The Galahad is an expensive airgun, and also one with some complexity because of both the regulator and adjustable power. I want to make certain I test it thoroughly.
41 thoughts on “Air Arms Galahad: Part 3”
I had thought the power adjuster just affected the transfer port aperture the way it is set up with the Marauder. Now you are telling me that the power adjuster is actually fiddling around with what I call the plenum? I think a blog on that is needed.
In the case of Air Arms PCP rifles with the adjustable power wheel, you are adjusting the transfer port opening. But if you consider “power adjustment” as a general term, there are many ways to do that. And I concur….if BB can put something together outlining the various methods of power adjustment in PCP rifles, that would be excellent.
Heck, it could even be a two parter….PCP’s and Piston guns.
Side note for BB, I might suggest trying a different pellet over the chrony. JSB/AA pellets have given much tighter spreads in the Galahad’s that I have tested.
I think he already did the Piston guns in /blog/2010/02/changeable-air-transfer-ports/ and in this series /blog/2008/11/the-air-transfer-port-part-3/
PCP power plants are something he has not written much about compared to the blogs related to spring/gas piston guns.
Ask and you shall receive. Thanks Siraniko.
I will be sure to give some JSB pellets a try in the next test. The Galahad has so many features that it takes time to explore them all.
I hope today’s test astounds the readers like it does me. I have never seen a PCP that put out as many shots as this one. I know some that have electronic valves/hammers can do it, but with just a reg and a power adjust, this is pretty astounding.
Yes, yes it does. It took me some time to digest it all. We did a similar test on camera, but with the 18.13 grain JSB pellets….give or take 60 shots, but with an extreme spread of under 15 fps. And yes, that’s for all 60 shots if I recall correctly.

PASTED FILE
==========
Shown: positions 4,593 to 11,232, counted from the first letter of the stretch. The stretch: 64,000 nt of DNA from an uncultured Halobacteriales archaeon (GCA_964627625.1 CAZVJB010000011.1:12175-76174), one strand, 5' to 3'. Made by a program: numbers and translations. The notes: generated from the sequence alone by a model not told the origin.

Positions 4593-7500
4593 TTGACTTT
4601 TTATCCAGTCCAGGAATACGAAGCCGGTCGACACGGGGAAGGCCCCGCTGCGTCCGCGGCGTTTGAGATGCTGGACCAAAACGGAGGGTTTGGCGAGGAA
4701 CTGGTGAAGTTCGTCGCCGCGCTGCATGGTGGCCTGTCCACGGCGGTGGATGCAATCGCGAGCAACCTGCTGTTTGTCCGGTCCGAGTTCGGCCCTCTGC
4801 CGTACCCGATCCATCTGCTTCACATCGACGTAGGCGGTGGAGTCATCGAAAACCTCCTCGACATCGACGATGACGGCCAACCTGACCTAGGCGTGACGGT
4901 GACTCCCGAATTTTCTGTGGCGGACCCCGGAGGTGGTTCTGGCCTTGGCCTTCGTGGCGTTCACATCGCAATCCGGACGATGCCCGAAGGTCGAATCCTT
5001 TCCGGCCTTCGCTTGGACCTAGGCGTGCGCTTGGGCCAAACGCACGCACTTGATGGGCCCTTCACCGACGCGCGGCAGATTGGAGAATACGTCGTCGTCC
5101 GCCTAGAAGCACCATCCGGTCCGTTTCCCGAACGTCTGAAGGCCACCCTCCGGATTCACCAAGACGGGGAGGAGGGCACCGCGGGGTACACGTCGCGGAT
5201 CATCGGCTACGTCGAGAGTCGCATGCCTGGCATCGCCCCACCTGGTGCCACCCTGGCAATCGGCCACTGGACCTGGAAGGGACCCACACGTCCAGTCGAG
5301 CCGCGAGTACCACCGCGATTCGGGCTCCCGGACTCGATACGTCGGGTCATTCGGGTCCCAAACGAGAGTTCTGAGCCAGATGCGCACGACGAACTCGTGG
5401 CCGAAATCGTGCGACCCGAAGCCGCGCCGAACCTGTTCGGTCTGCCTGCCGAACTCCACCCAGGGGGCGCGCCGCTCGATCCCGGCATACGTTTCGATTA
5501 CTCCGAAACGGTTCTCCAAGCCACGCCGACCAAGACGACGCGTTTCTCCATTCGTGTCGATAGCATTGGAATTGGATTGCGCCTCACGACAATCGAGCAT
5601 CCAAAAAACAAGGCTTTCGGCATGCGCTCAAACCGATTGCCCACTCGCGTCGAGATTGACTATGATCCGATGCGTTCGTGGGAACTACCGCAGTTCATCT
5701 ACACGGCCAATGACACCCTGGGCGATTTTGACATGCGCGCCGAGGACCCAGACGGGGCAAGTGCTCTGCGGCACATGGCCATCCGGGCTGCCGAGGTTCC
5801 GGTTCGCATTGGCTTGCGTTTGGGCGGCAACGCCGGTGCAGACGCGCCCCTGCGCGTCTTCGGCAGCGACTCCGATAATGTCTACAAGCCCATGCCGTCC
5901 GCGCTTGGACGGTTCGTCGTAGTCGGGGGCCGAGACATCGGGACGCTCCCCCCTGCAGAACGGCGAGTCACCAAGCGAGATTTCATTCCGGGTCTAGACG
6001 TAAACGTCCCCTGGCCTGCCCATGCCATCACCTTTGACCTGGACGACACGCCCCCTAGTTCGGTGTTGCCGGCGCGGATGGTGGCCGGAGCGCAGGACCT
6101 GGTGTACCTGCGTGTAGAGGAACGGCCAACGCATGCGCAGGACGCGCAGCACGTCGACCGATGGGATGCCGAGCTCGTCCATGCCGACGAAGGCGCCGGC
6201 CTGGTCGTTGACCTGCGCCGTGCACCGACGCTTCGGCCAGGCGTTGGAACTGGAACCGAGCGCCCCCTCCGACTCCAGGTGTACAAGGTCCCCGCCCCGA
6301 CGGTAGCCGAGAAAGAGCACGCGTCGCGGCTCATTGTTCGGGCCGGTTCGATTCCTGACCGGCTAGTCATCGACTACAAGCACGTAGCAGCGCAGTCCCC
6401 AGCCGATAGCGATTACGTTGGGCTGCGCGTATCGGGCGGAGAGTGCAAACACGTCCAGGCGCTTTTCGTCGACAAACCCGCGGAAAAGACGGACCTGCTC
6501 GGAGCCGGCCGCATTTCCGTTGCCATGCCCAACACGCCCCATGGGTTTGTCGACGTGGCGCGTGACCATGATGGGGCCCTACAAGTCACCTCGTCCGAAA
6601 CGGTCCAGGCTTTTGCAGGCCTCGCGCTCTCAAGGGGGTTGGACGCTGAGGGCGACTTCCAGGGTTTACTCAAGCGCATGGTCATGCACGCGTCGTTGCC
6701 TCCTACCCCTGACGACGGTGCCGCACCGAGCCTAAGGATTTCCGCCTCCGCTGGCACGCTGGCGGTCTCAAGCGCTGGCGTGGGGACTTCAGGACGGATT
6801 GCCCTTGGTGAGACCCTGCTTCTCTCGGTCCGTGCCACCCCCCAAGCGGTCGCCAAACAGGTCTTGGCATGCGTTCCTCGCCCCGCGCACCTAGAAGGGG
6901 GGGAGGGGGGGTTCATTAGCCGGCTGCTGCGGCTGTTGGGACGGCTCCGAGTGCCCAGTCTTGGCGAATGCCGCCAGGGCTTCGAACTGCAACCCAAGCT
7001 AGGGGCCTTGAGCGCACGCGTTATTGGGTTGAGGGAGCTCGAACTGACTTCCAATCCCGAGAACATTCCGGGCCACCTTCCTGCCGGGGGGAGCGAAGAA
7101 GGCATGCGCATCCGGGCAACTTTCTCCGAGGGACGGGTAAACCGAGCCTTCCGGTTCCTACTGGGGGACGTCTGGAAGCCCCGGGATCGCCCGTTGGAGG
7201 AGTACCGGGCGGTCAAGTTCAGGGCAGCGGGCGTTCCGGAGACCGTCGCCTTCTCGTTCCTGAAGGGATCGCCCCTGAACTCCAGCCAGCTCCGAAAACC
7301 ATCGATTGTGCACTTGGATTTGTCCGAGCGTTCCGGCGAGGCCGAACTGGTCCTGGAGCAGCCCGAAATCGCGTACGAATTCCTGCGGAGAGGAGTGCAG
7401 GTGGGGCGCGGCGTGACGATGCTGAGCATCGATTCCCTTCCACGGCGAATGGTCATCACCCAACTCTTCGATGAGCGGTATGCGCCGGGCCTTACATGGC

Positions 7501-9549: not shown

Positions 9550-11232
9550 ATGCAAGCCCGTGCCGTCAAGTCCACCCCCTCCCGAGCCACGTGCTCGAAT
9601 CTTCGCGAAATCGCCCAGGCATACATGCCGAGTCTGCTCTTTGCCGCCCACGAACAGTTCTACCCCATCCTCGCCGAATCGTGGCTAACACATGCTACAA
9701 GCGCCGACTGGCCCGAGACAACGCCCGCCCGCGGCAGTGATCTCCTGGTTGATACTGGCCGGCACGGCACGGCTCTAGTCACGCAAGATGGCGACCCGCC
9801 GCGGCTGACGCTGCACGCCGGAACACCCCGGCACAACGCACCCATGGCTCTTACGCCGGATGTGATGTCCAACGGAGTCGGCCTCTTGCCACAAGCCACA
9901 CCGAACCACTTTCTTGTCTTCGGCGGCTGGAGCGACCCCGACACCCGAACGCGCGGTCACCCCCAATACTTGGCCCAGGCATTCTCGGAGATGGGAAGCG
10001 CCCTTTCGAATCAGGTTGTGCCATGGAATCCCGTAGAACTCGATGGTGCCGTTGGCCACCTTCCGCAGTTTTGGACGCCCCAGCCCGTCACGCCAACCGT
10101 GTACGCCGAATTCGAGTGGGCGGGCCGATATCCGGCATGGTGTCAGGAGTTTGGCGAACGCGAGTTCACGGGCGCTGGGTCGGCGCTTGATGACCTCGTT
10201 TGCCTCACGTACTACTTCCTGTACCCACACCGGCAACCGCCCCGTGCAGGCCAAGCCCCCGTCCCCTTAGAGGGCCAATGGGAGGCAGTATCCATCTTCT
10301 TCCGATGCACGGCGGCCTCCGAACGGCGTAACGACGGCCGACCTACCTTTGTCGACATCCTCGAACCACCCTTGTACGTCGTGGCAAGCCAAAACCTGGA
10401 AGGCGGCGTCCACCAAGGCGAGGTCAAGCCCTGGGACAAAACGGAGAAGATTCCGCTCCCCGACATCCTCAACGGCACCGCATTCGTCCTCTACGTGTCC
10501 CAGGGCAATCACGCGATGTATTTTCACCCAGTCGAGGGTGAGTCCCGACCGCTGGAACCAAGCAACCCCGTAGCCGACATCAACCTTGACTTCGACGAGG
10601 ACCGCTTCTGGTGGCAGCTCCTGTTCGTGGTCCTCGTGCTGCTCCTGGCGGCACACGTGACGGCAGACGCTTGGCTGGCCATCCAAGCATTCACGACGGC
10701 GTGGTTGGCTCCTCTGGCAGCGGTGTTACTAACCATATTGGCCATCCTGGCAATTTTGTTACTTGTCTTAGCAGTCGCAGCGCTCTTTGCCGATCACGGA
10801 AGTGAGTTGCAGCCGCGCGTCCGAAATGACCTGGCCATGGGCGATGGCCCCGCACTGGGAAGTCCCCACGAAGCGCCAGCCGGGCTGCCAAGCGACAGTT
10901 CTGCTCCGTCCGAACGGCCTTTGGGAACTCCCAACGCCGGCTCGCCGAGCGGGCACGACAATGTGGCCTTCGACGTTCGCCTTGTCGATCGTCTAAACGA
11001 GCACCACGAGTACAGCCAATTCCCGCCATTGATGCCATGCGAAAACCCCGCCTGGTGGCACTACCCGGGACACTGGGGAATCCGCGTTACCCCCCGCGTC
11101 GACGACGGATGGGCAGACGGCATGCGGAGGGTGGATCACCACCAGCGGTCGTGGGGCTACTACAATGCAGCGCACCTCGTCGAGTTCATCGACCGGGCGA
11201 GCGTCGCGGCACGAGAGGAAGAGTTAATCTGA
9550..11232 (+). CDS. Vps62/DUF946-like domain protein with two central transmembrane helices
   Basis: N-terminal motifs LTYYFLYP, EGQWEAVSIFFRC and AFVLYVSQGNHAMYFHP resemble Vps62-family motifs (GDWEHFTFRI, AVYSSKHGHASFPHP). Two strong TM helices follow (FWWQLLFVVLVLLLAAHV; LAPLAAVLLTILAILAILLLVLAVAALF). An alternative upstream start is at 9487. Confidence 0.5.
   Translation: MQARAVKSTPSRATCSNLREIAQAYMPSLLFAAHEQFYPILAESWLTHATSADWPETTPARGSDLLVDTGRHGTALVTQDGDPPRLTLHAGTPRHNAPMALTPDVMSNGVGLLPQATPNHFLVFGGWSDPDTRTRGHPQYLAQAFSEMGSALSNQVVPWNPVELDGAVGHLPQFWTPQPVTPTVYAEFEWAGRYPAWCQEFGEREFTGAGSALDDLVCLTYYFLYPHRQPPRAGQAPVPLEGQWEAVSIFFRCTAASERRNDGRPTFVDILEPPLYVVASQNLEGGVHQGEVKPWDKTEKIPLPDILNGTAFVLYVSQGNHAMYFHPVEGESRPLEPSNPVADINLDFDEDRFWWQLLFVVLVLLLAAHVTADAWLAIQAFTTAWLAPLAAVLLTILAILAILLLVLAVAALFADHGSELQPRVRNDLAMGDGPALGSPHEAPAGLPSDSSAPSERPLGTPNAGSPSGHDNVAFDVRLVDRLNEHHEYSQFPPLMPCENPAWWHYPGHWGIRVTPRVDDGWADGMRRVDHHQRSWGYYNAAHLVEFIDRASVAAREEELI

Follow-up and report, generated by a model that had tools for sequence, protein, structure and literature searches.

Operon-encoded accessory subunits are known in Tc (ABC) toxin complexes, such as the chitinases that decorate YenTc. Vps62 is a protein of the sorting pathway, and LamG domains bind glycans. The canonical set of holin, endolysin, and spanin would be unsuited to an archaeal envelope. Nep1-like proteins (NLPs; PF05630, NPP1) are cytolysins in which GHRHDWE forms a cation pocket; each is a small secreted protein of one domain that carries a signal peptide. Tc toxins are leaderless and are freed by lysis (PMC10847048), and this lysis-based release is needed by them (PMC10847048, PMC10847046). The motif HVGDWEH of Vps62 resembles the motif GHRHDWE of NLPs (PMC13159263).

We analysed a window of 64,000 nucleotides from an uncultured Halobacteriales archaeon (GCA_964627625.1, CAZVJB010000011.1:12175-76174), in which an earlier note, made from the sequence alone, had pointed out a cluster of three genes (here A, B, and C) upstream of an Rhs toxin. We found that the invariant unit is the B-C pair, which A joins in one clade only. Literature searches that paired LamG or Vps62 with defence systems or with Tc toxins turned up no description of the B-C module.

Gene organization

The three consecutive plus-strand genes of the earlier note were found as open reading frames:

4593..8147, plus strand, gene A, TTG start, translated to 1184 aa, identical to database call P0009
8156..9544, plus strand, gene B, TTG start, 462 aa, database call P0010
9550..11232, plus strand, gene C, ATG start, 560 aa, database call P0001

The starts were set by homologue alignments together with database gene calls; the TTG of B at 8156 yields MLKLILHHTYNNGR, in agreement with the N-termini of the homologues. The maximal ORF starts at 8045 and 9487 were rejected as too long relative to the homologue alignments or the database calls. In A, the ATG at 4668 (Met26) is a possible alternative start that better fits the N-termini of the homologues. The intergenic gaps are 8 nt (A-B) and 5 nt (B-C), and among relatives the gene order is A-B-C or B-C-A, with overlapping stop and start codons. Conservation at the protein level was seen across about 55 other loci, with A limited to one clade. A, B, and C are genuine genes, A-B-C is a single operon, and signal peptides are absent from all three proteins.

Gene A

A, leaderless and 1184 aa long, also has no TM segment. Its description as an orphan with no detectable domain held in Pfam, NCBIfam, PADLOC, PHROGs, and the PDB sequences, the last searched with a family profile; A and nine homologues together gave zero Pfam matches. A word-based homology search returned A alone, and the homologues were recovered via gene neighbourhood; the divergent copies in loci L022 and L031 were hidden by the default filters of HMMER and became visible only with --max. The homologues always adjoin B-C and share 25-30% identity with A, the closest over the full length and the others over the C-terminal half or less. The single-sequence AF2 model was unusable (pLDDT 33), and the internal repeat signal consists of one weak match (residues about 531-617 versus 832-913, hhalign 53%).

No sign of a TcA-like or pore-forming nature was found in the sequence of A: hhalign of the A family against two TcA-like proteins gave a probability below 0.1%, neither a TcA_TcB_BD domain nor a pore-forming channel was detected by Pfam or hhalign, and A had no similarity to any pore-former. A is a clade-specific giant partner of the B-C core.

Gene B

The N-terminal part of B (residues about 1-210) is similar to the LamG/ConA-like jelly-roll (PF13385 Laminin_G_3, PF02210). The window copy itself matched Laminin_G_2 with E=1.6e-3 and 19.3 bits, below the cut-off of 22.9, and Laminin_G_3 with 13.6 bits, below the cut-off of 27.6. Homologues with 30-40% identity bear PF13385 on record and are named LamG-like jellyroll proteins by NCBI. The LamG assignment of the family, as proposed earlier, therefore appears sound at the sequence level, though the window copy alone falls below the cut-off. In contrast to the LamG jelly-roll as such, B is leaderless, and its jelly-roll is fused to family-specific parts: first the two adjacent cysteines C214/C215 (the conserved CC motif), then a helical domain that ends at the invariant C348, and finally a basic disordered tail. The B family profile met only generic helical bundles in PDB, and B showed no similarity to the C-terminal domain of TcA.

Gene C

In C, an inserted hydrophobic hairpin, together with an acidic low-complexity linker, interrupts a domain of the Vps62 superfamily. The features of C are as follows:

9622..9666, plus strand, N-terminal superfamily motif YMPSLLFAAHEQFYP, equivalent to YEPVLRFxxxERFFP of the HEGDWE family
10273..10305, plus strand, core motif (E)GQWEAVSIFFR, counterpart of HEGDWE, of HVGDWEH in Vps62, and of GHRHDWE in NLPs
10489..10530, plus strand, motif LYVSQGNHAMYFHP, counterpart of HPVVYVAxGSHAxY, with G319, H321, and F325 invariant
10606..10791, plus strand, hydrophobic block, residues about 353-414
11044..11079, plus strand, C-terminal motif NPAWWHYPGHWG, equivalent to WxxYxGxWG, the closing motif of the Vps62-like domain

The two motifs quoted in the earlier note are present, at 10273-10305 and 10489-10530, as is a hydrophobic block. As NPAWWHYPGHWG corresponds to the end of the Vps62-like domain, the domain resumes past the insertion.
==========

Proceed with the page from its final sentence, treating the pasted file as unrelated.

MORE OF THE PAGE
I am sure it does. The part that impressed me the most is the range of adjust-ability the gun possesses with that velocity adjustment. The shot count on low power is ASTOUNDING, and while the velocity may not be good for much, it is impressive all the same.
It’s good seeing you active on here. I miss being able to call you to place my PA orders! 🙂
And I agree – I’d like to see B.B. write more about adjusting power on PCPs, how regulators work, what happens “off regulator”, etc.
You could indeed write a blog on the various ways the power is adjusted on different air rifles and the interrelationship of power adjusters and regulators. I’m all eyes!
Now that is a blog! I’m not sure I suggested that, but together you and I share a brain!
My friend’s PCP, after 2 magazines worth of pellets velocity drops about 25 fps per shot. So your strings are VERY impressive.
I had a nice, rather lengthy post and it vaporized. 🙁 I will echo the above calling for an article. Your testing seems to defy your statement. Very nice numbers. I suppose the M-rod with its port screw adjustment can be considered a power adjustment? That would be a case where a non-regulated,.. power adjustable gun,… not doing as well as this. I can get 24-26 shots from a 3500 fill. I do not know the spread or fps as I have not re-chronied it since last adjusting. I doubt that it is anywhere close to what you are getting with this.
When I’m doing lengthy posts, I tend to type them in my word processor (MS Word) and copy and past them in the blog. I had one lengthy post vaporize on another sight and I got into the habit of type and paste.
I am pretty computer dumb,…. but (I did) just figure how to open WordPad which is free and then copy and paste the text to the comment box here. I do not have the pay to play programs like Office and such. I will keep this in mind for future lengthy post. When they vaporize,… it is usually, always?, showing the internet connectivity dropping out momentarily. It does it off and on all day. It has a funny way of showing up all good and then the minute I hit send, the connectivity drops, and up pops “this page can not be found”, and all is lost. Thanks for the advice. Chris
I have the same problem at home with loosing internet connectivity. We are far enough out to have only a very marginal DSL line – its usual speed is barely better than dial-up. We are considering going with one of the satellite options but it seems that our neighbors who have tried satellite internet have more problems than it is worth.
For a free word processor with more features than WordPad, try Google Docs.
Hope you had a great Christmas. Another comparable way to do this, since you don’t have Word, is to start an email to yourself and type your post in there. If your computer or email client auto-saves, then you’re set. If it doesn’t, just save the email as a draft, and re-save a couple times while composing.
Happy New Year!
Yes, just fine on Christmas. Thanks for the advice. I am sure the help you gave as well as Jim Q. will help more than just me. You have a Happy New Years as well. Chris